Language and Inclusion in a Multilingual World
When was the last time you had a student visibly start paying more attention because of something you said?
What were you saying?
What were you doing with your body?
One of the things I do that most consistently causes certain students to perk up is reference other languages. When trying to define theology I compare it to the Spanish Dios, which is a lot closer to the Greek theos than the English “God.” Similarly, the Spanish iglesia sounds a lot like the Greek ekklesia (it derives from it via Latin), which is useful for helping students remember what ecclesiology is, even if the spellings are different. My students are used to teachers and professors introducing new vocabulary by referencing the roots of the words, and similar words, in English. Their bodies, the surprise on their faces, tell me they find it shocking to hear Spanish and other non-English languages used in the classroom. However, the bodies that make up my students reflect a need for a multilingual focus.
According to the U.S. Census Bureau, sixty-six million Americans (21.5%) live in households where a language other than English is spoken. Most, of course, also speak English. This reality is reflected in our classrooms. In a recent term, my 130 students collectively spoke Arabic, Dutch, French, Gaelic, German, Gujarati, Hindi, Italian, Japanese, Korean, Mandarin, Polish, Portuguese, Punjabi, Spanish, Tagalog, Ukrainian, and Vietnamese. At one school where I taught, 26% of my students were multilingual to some degree. In a larger city, at another institution where I served, 49% of my learners claimed two or more languages. I don’t know how these numbers reflect the broader campus communities of the universities where I teach, or the percentages in higher education as a whole. However, language is central to learning.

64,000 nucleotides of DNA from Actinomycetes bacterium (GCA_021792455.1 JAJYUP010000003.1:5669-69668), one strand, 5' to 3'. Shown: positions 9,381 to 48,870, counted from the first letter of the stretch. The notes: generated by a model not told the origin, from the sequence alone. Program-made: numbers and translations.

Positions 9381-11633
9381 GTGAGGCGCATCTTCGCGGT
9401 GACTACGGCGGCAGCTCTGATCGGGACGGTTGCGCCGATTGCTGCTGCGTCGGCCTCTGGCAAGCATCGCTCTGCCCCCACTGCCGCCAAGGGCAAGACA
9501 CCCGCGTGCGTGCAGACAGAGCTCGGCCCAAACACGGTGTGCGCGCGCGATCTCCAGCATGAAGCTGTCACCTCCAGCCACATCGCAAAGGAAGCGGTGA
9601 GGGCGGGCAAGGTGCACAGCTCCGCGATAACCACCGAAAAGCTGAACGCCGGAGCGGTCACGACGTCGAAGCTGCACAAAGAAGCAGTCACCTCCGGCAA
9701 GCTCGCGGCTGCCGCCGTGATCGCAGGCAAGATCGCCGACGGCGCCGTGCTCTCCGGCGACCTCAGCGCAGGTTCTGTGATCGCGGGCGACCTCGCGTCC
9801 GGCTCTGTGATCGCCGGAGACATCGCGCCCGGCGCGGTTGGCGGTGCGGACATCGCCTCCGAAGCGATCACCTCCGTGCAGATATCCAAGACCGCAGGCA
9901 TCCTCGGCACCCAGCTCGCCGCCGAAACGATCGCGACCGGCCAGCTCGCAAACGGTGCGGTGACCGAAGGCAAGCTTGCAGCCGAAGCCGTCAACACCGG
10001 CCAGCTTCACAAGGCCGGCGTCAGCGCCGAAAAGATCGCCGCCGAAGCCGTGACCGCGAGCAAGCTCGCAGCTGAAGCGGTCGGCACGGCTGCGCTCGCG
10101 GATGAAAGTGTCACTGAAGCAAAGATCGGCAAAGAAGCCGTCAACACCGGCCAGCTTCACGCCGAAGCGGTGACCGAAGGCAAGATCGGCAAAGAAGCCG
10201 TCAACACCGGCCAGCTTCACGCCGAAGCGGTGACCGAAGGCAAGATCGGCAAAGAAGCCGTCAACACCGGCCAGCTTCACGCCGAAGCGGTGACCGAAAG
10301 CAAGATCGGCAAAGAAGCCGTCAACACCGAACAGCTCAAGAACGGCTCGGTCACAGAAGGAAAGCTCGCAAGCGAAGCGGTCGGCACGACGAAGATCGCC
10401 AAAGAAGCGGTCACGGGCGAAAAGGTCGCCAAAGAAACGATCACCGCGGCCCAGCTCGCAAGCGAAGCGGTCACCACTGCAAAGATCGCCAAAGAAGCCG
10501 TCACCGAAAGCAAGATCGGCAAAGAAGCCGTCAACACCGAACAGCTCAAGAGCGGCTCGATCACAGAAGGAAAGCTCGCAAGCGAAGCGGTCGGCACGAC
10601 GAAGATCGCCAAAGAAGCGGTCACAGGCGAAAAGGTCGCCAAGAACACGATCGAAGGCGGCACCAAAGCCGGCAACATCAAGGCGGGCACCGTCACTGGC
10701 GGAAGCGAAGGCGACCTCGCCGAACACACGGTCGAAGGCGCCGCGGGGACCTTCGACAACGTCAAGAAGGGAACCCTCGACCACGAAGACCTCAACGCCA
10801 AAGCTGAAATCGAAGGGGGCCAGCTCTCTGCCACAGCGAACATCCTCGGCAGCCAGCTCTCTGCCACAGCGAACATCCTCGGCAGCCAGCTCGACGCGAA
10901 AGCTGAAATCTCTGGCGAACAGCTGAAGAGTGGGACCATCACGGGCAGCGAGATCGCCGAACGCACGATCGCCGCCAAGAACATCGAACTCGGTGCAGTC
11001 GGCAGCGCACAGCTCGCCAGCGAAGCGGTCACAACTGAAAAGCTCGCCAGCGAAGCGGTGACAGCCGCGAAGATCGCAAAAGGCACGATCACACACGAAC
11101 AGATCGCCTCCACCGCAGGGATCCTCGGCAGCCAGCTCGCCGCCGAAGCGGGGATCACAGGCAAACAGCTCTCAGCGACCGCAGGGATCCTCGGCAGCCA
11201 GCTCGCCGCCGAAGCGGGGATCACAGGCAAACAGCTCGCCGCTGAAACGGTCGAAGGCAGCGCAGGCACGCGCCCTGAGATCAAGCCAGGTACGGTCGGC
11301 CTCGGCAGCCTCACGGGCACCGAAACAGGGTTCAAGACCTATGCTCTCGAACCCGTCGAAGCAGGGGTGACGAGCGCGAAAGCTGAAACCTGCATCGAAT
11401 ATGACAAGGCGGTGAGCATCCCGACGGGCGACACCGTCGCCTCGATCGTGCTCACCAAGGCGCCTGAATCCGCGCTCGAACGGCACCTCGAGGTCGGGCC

How can we teach well if we don’t consider what languages our students speak? How can we design curriculum if we don’t consider their cultural and linguistic backgrounds? How can we help them develop their proficiencies in their other languages if we are not open to incorporating other languages in our teaching?
This is not just an issue of pedagogy.
It’s an issue of justice.
We invest a lot in helping white students learn a second language in school, but typically devote minimal resources to helping native speakers learn to read and write in their non-English languages. At worst, we bar them from using their native language(s) out of the utterly mistaken (so says the research) conviction that doing so helps them learn English faster. Believing that students who grew up speaking Spanish or Polish or Arabic should be able to read and write in those languages by the end of college should not be a radical or rare position.
I imagine some of the surprise of my using Spanish and other languages in class is that, as a white person, I don’t look like I should speak them. They’re not wrong. I’m a product of the U.S. education system. A native English speaker, I am functionally monolingual despite having studied Spanish, German, and biblical Greek. That doesn’t mean I can’t find ways to signal that I know my classrooms are populated by multilingual students. This might mean making comparisons to words I know in other languages. Or, providing students non-English editions of required readings. Or, encouraging students to use their other languages when conducting research.
The tongue is part of the body. Language is part of embodied teaching. If I want to embrace my students’ identities, using their languages is a good place to start. It is a counter-imperial gesture, one that challenges the hierarchy of languages that equates English with power.